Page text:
Another way to pick up analytical numbers is to use server logs (which pick up all users whether or not they have javascript installed. However, the “server side” solutions I’ve played with tend to overestimate traffic substantially because they pick up bots, comment spammers, etc. and all kinds of traffic that doesn’t really come to get value out of RCG.

    The traffic levels from RCG’s server logs are over 4X higher than the numbers from Analytics! For example, the server logs show we had 180K visitors viewing 426K pages, while analytics says we had 40K visitors viewing 72K pages. While analytics is definitely missing some visitors, I have more faith inthe lower numbers….

  5. Interestingly, my ramble on stats had me checking a few things I haven’t taken a look at in a while… One thing I notice is that there are a bunch of hits coming to RCG from questions about PMI… As in “When does PMI go away? ” or [when does LPMI go away?] And yet, we don’t do a good job answering that question anywhere on the site.

    That tells me that it is prime time to actually answer that question. I’m not qualified to do a good job answering that question… Any takers?

  6. Hey Dustin,

    As always, another great technical post!! I learn an amazing amount of technical stuff from you & Robbie…please don’t stop…keep it coming!! šŸ™‚ I’ve definitely got to get hooked up to Google Analytics as you suggest. Hmmm…maybe you & Robbie should consider a weekly technical post of some sort? Perhaps if you traded off with each other, the work load wouldn’t be too heavy for either of you?

  7. Dustin, LOL…we did answer the PMI question at least five times. You want me to pull the answers into a string and make a post out of the answers šŸ™‚

  8. My experience has been that it’s easier to get a #1 ranking (and multiple top tens) in MSN or Yahoo, but that’s still going to drive less traffic than a single 5-10 ranking in Google. I typically see 60% GOOG, and 15% each for MSN and YHOO, with 10% from other engines.

  9. Ardell: I don’t necessairily need you to take on that task, but my (subtle) point is that whoever does will likely “own” that google search before the end of next week because it is a common consumer question without a good answer (according to Google). If it was answered in an Seo friendly way (keywords in the title of the post), then Google would likely pick the article up quickly… Back in my scrappy days (ie pre-Ardell), I used this method a lot to find out which articles I should cover next! šŸ™‚

  10. Google Analytics are a great tool, especially for a freebie! I also like VisiStat, which takes things a step further.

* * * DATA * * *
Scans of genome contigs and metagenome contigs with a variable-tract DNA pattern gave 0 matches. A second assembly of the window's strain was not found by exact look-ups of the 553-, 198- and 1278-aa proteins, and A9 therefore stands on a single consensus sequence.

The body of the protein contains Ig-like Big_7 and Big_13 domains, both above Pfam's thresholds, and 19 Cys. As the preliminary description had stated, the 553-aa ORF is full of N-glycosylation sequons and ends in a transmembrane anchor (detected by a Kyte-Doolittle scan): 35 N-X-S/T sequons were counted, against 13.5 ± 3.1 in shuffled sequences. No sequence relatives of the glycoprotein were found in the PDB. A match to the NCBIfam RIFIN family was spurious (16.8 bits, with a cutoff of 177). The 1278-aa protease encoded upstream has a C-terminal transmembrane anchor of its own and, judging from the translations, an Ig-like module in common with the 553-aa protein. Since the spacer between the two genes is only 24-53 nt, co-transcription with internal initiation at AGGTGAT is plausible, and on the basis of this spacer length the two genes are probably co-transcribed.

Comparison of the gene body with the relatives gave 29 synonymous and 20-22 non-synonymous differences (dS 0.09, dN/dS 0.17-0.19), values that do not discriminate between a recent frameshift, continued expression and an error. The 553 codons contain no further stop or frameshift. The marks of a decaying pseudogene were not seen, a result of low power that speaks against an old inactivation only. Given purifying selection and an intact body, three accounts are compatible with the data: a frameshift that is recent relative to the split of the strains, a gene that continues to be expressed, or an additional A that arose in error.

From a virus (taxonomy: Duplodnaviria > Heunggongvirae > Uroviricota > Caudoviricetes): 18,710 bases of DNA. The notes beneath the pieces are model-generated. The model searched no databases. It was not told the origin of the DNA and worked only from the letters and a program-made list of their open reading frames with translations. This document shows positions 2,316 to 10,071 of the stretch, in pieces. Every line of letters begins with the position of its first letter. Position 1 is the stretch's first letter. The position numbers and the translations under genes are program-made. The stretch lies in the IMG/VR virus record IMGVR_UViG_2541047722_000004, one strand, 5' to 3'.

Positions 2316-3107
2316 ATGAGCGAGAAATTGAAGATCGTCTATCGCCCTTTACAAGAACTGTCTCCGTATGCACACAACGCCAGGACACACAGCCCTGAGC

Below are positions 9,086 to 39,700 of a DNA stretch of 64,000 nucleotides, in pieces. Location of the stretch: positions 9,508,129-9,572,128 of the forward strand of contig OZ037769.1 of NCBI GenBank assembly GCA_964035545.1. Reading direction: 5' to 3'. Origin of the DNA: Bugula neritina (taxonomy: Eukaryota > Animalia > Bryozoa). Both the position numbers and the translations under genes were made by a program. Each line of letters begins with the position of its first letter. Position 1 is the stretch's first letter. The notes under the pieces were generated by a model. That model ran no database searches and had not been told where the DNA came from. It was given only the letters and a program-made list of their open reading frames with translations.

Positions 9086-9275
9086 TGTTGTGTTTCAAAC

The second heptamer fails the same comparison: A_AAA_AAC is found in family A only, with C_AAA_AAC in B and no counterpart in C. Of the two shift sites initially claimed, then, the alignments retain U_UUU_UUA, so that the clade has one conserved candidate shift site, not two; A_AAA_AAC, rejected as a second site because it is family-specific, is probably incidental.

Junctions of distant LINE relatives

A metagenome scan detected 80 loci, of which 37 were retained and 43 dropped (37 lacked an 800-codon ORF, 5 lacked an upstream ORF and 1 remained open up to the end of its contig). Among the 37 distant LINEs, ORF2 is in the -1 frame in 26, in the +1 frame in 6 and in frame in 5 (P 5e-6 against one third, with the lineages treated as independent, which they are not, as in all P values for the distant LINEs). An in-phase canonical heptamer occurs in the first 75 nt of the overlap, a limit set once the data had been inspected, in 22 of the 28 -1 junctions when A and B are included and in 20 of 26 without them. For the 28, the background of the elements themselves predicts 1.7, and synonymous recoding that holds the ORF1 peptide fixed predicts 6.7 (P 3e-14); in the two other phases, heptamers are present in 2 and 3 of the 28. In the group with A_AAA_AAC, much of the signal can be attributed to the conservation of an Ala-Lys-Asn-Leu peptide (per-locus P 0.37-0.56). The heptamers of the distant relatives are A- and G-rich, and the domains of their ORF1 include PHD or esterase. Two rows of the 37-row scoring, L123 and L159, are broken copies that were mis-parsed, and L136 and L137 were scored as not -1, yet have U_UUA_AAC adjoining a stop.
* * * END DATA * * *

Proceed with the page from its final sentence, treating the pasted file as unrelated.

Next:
Reviewing the keywords that are used to find your blog (or website) is a good way to figure out what the consumers are interested in, which is good fodder for tweaking the blog to include items that most searched for in your area.

  11. Linda, your comment is right on… I’m always surprised at the number of bloggers who *don’t* look at their search terms and/or referral logs. Those two sources are a treasure-trove of information about what your readers (or potential readers) find interesting. It takes a lot of klutz-paw in my mind for a blogger to think that they *know* what their readership finds interesting, especially for a new blogger that doesn’t get a lot of comments on their site.

  12. Bill: To give you an idea of how illogical Yahoo seems to me, this site ranks #3 in Yahoo (while RCG ranks #10) for the search [seattle real estate blog], a term that seems quite well suited to Rain City Guide and one I know has been used to link to RCG hundreds (thousands?) of times.

    Note that site has only one blog post and 2 inbound links according to Yahoo. RCG has over 1000 posts on the topic and 37,203 inbound links according to Yahoo.

    If content AND inbound links (and the fact that I’ve optimized the keywords in the header for the above phrase) don’t appear to count for much with Yahoo, what does work?

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  14. I made two small SEO changes to the site this morning (May 12th!). In an effort to see if I may have confused Google and/or Yahoo by adding too many keywords and/or a site description that is too long, I’ve simplified the stuff in the header tags considerably. The big change is that the keyword are now “seattle real estate blog”. In a few weeks/months, I’ll do an update post to see if these changes make a difference…

  15. I find it fascinating that the changes took less than three days to start having their intended effect. On the very common search [seattle real estate], RCG went from being on the four page a few days ago (result #42 or so, with Robbie’s page being the highlighted page), to being on the second page (result #15 or so) with the correct page being highlighted.

    Still, I’ll give it a bit more time before I do a follow up post so that I can gauge the other effects that the change may have caused (intended or otherwise).

  16. I am a new blogger, but MSN loves my new blog (page 1 with multiple hits for 4 of my top keywords) šŸ™‚ and per Google Ananlytics, 22% of my organic traffic is coming from them. When I have an internet lead I always ask them how and where they searched I’ve had 4 verified leads from MSN searches in the past 2 months.

    I have noted something potentially interestesting demographically, my MSN searchers are more “mature” and more determined to move than those who find me through google searches, to date…this is something I’m really trying to track. I’m in the top 30 on Google and that is crawling up from 64 last month, so I’ve got a ways to go get to page 1 on Google to really compare apples to apples with MSN.

    Dustin, as always thanks for sharing such great info with all of us, I have sooo much to learn and SEO is really my weak point!

  17. Michelle,

    I’m so glad you find it helpful! I wish I knew the trick to tap into MSN’s algorithm! Nonetheless, I’m glad to hear it is working for you!